President Trump has made no secret of his dissatisfaction with the Federal Reserve, its chair, and the Fed’s monetary policy. This dissatisfaction raises an important question: what happens next? Here’s an introduction to the legal and practical governance of the Federal Reserve System, the Fed’s relationship to other parts of government, and why it is so hard to predict the outcome of this conflict.
What is the office of the Fed Chair?
By law, the Federal Reserve System consists principally of the Federal Reserve Board of Governors in Washington and 12 regional Federal Reserve banks across the country.
Although Jerome Powell is widely identified as “Fed Chair,” the Federal Reserve Act does not create such an office. It does create the position of Chair of the Board of Governors of the Federal Reserve System. The Board of Governors consists of individuals picked by the President and confirmed by the Senate. The Board’s responsibilities include regulating and supervising banks, and overseeing and participating in the payment system. The members of the Board of Governors (seven, when all the seats are filled) participate in the Fed’s monetary policy committee, the Federal Open Market Committee, known as the FOMC (more on that below).
The current Board of Governors is almost entirely the product of President Trump’s political preferences: three of the five governors (Michelle Bowman, Richard Clarida, Randal Quarles) are Trump appointees. The other two, Lael Brainard and Jerome Powell, were first appointed by Barack Obama. There are two vacancies.
The president separately nominates, and the Senate confirms, the Board’s chair and two vice chairs for four-year terms. President Trump picked Powell, then a governor, to be chair, succeeding Janet Yellen when her term was up in 2018. Powell’s term as chair extends to February 2022.
Although the Board of Governors’ role as a regulator and supervisor increased after the financial crisis, monetary policy remains arguably the most important task Congress has given the Federal Reserve. That task is accomplished by the FOMC. It consists of the Governors in Washington, the president of the Federal Reserve Bank of New York, and four of the remaining 11 Reserve Bank presidents, who serve on a rotating basis determined by statute. Non-voting Reserve Bank presidents still actively participate in FOMC meetings; they just don’t vote.
The Federal Reserve Act does not create a chair for the FOMC. By convention, the FOMC elects the Board Chair as its own Chair and the New York Fed president as its Vice Chair, but nothing in the statute makes either of these a requirement.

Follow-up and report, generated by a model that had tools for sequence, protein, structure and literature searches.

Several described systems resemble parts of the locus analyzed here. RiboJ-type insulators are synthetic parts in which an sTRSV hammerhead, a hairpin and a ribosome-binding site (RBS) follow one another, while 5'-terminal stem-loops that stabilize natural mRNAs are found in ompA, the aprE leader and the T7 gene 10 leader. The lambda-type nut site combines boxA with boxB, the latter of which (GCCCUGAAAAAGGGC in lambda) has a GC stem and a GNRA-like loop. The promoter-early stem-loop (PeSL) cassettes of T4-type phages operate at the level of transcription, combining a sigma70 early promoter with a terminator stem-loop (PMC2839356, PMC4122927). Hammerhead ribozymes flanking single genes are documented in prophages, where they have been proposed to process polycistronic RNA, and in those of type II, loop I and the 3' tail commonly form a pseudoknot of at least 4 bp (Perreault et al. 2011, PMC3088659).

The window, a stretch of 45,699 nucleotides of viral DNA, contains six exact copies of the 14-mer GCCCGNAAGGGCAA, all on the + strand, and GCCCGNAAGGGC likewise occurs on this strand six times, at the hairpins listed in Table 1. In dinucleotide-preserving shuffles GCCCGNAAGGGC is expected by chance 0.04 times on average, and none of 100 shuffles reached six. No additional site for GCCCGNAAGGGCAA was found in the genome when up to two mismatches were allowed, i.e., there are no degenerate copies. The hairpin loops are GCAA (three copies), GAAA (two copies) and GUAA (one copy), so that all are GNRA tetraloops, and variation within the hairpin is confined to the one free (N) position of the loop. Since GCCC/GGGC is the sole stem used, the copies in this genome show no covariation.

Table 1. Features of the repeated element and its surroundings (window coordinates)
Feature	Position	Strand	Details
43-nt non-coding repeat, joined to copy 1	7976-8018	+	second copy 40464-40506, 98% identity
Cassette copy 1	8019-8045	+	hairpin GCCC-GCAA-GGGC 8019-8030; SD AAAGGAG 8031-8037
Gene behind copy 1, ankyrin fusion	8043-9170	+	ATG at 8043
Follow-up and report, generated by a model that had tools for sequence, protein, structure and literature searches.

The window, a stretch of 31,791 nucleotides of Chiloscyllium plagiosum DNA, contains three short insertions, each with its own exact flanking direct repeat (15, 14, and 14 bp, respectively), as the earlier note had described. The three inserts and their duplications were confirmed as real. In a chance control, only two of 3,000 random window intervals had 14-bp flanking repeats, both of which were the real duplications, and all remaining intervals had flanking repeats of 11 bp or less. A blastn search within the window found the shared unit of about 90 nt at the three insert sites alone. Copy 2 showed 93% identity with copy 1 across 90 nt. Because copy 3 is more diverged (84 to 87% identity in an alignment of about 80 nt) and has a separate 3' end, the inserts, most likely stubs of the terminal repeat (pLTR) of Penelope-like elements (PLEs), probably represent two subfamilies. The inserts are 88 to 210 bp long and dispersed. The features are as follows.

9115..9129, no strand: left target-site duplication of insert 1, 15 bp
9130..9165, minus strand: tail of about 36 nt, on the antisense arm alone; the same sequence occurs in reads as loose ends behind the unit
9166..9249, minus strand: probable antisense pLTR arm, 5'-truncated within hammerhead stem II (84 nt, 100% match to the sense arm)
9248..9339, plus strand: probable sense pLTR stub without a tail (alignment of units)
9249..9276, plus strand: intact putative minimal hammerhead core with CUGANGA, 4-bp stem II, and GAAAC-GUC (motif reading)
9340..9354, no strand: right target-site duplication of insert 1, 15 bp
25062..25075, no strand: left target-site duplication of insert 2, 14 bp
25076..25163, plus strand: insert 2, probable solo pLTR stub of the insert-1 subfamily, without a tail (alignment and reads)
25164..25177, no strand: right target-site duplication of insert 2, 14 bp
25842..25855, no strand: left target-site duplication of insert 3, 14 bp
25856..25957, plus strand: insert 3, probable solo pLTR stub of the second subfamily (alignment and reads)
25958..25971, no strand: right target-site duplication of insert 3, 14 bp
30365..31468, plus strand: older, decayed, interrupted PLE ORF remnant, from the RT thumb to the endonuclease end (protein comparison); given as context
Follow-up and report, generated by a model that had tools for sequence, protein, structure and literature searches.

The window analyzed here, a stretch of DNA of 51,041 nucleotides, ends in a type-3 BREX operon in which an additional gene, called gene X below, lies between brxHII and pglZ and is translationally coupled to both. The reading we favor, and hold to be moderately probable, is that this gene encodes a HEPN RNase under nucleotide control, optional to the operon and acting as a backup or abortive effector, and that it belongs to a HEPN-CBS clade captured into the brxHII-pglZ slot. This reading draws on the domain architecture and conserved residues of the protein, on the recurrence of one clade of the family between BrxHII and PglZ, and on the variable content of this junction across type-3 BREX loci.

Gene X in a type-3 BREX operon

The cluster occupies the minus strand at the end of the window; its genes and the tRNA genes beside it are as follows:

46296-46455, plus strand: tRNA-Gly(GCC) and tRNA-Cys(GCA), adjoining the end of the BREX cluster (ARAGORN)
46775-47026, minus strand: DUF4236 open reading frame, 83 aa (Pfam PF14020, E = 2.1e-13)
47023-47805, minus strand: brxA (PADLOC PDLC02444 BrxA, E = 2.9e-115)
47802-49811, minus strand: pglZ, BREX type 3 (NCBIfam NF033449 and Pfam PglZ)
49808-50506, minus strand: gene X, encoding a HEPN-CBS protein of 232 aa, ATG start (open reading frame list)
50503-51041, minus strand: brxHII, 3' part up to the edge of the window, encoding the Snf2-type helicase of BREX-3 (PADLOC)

Although the President and the Senate play the decisive roles in shaping the Board of Governors, they play no role in picking the presidents of the 12 regional Fed banks. Those presidents are appointed by their private sector boards of directors, subject to the approval of the Fed Board in Washington.
Does it matter who the Fed Chair is?
As a matter of law, not really. Like the Supreme Court, the Fed is governed by the majority vote, depending on the issue, of the Board of Governors and the FOMC. The Board/FOMC Chair run their respective meetings, and the Board Chair must testify regularly before Congress, but the ultimate authority for the Fed’s policies, regulatory and monetary, resides in the committees. Majority rules in those committees, though the Chair is rarely on the losing side.
In practice, though, it matters a lot who is chair. The Fed Chair is the FOMC’s spokesperson in regular press conferences. His speeches generate significant, market-moving attention. And, of course, as the public face of the Fed, the Fed Chair also becomes a target for criticism, including, these days, from President Trump, who has occasionally expressed interest in firing Fed Chair Powell because the Fed hasn’t cut interest rates more rapidly.
Can the President fire Powell?
Fire Powell from which position? He holds three: he’s a member of the Board of Governors (appointed by the president and confirmed by the Senate), chair of the Board of Governors (separately appointed by the president and confirmed by the Senate), and chair of the FOMC, by vote of the members of that committee.
To remove a member of the Board of Governors, the president has to have a reason—a “cause,” to quote the statute—a term that courts have historically interpreted as requiring “inefficiency, neglect of duty, or malfeasance in office.” Policy differences are probably not enough justification, but the Supreme Court could ultimately decide that question differently. If it did, that would represent one of the biggest changes in administrative law in the United States in 80 years, so don’t count on it.